Is a digital television service allowing residents of a London borough to watch CCTV footage on their televisions a step too far?
Jan Ashby says she and fellow residents will 'help police'
The increasing number of channels available for viewers to choose from in the current age of satellite and digital television has been well documented.
So too has the public's love of reality TV shows.
It seems the modern day viewer likes nothing better than to sit back and watch "real life" unfolding before their eyes.
The most committed viewers of shows like Channel 4's Big Brother are even happy to watch live streaming of action - or the lack of it - from the Big Brother house.
But does the live streaming of CCTV footage from your neighbourhood on your TV - all in the name of crime prevention - go a step too far?
The £12m Digital Bridge television service, launched in one of London's most deprived boroughs on Monday, pledges to "put every member of the community in the front row of the fight against crime".
The system is being rolled out to 22,000 residents across Shoreditch this summer who will be able to monitor 11 CCTV cameras from the comfort of their living rooms.
The view from Haberdashers estate where cameras are located
In autumn, it will be extended to 70,000 households across the borough of Hackney before extending across London and some local authorities in the Midlands and the North West next year.
Subscribers will access the service - at a cost of about £3.50 per week - through a set-top box complete with a package that includes digital TV, TV web access and broadband.
"If residents are at home watching the live stream and they spot something they immediately call the police station," explains Digital Bridge chief executive James Morris.
"That image is then linked into the CCTV control room which will then take control of that camera and zoom in on the incident and record. And, of course, police will be sent out."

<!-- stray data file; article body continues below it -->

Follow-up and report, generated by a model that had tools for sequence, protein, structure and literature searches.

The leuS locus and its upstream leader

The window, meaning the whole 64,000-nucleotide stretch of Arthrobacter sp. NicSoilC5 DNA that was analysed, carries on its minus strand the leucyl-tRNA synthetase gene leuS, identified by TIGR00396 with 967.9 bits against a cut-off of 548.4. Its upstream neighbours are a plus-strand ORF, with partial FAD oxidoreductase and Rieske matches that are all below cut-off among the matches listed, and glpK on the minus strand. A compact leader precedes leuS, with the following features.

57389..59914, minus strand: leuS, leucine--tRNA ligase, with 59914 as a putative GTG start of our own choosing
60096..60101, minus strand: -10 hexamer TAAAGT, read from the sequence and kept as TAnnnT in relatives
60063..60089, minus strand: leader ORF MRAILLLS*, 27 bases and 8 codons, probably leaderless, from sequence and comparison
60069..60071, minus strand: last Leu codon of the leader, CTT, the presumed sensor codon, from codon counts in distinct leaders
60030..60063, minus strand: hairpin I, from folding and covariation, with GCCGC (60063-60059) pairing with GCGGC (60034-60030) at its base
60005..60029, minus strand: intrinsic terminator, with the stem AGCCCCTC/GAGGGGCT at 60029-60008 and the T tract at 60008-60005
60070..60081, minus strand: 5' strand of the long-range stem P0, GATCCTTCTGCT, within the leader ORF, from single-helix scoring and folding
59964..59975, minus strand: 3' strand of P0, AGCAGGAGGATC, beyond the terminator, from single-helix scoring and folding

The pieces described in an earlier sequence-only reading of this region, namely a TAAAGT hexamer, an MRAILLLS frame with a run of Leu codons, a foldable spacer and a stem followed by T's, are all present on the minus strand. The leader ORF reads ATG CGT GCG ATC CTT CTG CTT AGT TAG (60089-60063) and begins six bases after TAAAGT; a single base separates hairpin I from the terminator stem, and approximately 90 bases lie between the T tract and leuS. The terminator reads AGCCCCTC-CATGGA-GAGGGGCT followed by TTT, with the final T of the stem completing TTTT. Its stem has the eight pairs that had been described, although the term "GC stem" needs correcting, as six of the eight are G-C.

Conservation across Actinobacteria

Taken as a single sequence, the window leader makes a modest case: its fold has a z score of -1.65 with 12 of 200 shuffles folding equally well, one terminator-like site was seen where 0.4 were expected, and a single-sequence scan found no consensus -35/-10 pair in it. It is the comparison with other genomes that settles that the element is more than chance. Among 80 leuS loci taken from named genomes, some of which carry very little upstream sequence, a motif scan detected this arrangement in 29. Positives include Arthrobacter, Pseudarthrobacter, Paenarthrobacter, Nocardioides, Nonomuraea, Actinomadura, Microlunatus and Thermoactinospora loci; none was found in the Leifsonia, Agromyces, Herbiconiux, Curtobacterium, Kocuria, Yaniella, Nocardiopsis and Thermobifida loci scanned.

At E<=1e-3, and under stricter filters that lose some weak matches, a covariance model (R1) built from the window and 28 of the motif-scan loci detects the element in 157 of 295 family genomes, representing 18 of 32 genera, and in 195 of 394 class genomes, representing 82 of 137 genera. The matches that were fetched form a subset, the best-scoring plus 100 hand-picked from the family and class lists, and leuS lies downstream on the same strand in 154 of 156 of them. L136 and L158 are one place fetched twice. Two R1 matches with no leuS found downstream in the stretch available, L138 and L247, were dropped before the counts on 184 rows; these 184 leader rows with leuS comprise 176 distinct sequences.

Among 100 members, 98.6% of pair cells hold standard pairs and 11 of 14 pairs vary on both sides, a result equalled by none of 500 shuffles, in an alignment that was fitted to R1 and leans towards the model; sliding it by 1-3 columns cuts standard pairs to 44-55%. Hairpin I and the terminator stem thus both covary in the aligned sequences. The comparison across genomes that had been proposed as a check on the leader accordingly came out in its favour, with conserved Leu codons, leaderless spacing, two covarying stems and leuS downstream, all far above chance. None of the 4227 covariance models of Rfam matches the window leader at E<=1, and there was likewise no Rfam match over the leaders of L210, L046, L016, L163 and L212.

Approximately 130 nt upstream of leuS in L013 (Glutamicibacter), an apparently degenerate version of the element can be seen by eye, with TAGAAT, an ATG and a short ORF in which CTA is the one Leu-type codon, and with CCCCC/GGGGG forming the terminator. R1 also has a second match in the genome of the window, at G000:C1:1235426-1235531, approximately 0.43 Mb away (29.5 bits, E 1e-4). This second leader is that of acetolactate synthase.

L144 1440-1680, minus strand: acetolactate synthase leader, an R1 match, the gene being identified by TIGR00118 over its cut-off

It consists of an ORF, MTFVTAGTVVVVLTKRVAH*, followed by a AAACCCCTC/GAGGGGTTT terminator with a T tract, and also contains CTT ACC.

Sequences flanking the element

But civil rights campaigners complain the system is an invasion of privacy and go further by insisting public access to CCTV material is "quite dangerous".
Gareth Crossman, policy director of Liberty, told the BBC news website that CCTV footage "should remain within the control of the local authority".
"While we're all under a duty to help police as best we can, what this basically means is that people will simply be monitoring all sorts of activities whether they're criminal or not.
"It also means that some people are likely to demand the police take action against groups of kids hanging around who aren't actually doing anything illegal."
Local authorities and the police alone should deal with CCTV material, he added.
"It could well lead to vigilantism," he added.
But Digital Bridge spokesman Daniel Hodges said the system was subject to "very rigorous safeguards".
They include the fact that cameras are placed high up and that residents do not have control of cameras and cannot zoom in to follow people.
Images rotate from camera to camera every 30 seconds and the transmitted images are encrypted so they cannot be recorded.
That the Digital Bridge was "requested by and set up by" local residents is also significant, Mr Hodge adds.
The project has been introduced by community-based generation body the Shoreditch Trust, which is managed by residents.
The scheme, endorsed by Hackney Police and the London Borough of Hackney, has been funded by the government, European Structural Funds and the private sector.
"This project has very, very strong support within the local community," Mr Hodges says.
"The reality is that, in many communities across the country, crime and fear of crime are a very real problem and people want to see their families protected as well as their civil liberties."
But will residents really want to watch CCTV images rather than their favourite TV shows?
The Digital Bridge team again point to the resident involvement in setting up the facility to view the images.
Early adopter Jan Ashby, 57, a resident of Shoreditch's Haberdashers estate, says she and her fellow-residents will "definitely" watch CCTV.
"It's a nice neighbourhood but we've had some problems," she says.
"To many people, especially the older people, it will mean they feel a lot safer.
"It's a way of working with the police because we know they can't be everywhere all the time."
She is quick to dismiss the idea that she may be indulging in high-tech curtain twitching.
"I'm not a nosy neighbour," she protests.
"I have been putting it on every day but I won't watch it all day."
Which may be where Mrs Ashby differs from those committed Big Brother fans addicted to live streaming.